rubber "dogbone" handle. Never satisfied Fender also started producing
separate "piggyback" models where the chassis and controls were placed
in a separate unit to sit on top of stand alone cabinet speaker
enclosures.Controls for most amplifiers began migrating to the front
panels of amplifiers from the top of the amplifiers.
During the early 1960's the plate of the control panels for most amps
begin to be made with black backgrounds,black knobs and white numbers
and lettering as well as changing the outer covering once again to a
black tolex material.A more silver colored grill cloth is used during
this time frame as well as "dogbone" handles being replaced with a flat
rubber handle with silver end caps.These amps are commonly referred to
as the "Blackface " Fender models.
Along this time ( 1964 ) Leo Fender sells his company to "CBS" . It is
argued that the changes that occurred after this time were not as well
received , but that is another story. In approximately 1966 solid state
amplifiers begin to appear in the Fender lineup. Changes made to the
outer cosmetics also being to appear, the most common is the change from
black control faceplates to a silver faceplate control panel with blue
lettering and numbers, hence the term "silverface" comes into being.
Also skirted knobs and a blue and silver grill cloth is utilized to
aging separate the new line of amplifiers from the older lineups.
Fast forward to the 1980's and Fender almost ceases to exist. In
1985 Fender is bought back by a group of investors led by William
Schultz and employees at Fender. The move is made to Corona ,California
,red knobs appear on amp control panels,blackface amps make a comeback,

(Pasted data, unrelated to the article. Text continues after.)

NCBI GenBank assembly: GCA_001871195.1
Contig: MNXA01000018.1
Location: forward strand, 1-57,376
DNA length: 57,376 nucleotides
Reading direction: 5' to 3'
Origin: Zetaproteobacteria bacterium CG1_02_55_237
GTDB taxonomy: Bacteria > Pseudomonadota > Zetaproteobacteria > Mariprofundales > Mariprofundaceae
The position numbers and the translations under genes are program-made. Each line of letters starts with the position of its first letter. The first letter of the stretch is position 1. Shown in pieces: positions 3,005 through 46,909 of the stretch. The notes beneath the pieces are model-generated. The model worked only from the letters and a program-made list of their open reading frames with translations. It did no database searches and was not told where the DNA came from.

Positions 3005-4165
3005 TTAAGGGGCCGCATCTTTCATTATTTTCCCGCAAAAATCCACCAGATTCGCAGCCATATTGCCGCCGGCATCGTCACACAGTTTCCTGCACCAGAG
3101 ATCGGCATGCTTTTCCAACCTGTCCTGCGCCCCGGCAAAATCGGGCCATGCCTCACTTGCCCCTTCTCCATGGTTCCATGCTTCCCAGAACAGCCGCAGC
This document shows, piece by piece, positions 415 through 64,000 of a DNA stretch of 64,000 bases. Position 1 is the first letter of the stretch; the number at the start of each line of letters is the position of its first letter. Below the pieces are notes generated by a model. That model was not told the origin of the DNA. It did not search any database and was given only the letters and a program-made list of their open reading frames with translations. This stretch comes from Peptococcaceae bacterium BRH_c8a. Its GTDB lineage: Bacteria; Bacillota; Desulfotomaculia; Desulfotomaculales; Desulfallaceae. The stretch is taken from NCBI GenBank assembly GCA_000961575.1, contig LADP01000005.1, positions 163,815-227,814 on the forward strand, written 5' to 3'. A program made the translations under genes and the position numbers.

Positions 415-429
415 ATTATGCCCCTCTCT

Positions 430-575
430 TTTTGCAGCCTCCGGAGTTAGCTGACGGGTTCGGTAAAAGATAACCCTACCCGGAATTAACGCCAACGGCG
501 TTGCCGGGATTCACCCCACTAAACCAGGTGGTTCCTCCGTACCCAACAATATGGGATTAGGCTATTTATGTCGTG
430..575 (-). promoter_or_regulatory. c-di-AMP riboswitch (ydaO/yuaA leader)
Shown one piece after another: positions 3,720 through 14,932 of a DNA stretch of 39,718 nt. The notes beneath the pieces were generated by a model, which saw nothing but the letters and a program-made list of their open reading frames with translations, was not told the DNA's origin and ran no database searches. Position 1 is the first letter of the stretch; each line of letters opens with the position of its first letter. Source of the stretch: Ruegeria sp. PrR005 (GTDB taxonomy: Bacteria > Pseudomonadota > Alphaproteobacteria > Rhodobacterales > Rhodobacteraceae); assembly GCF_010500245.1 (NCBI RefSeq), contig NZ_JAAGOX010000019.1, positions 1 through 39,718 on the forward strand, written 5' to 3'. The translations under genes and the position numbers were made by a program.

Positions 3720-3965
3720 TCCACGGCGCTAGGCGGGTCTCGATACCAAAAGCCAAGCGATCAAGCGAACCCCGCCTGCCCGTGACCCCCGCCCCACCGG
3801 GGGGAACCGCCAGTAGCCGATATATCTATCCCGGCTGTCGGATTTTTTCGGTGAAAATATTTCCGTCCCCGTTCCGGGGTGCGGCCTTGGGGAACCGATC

solid state amplifiers resurface , albeit for the better.During the
1990's push buttons,gain channels,on board effects,push pull knobs and
master volume controls in one configuration or another appear on Fender
amplifiers. In the later part of the 1990's Fender revisits their own
roots ,question themselves and reissues the amplifier models that made
them the leader to begin with. Both as a means to reestablish their
leadership role and regain control of the amplifier market that Leo and
family had built to begin with.Fender comes full circle back to their
roots and the beginning of a new era.
Now I know I did not include schematic changes,tube changes and other
applications in this article,nor did I even begin to scratch the surface
in amplifier models that were produced by Fender, this is just a basic
time frame reference to initiate the beginner or reeducate the seasoned
collector and other articles will follow on specifics in the
future.Fender amps have evolved ,some for better some for worse, but I
am truly amazed at the products that Leo has given us ,their history and
heritage as well as the multitude of spin off products that they have
inspired and will continue to inspire in amp builders both yesterday and
As always this is just my news and views .So until next time, may all
your days be memorable, all your friends stay true and all your riffs be
killer, Greg at Greg's guitars.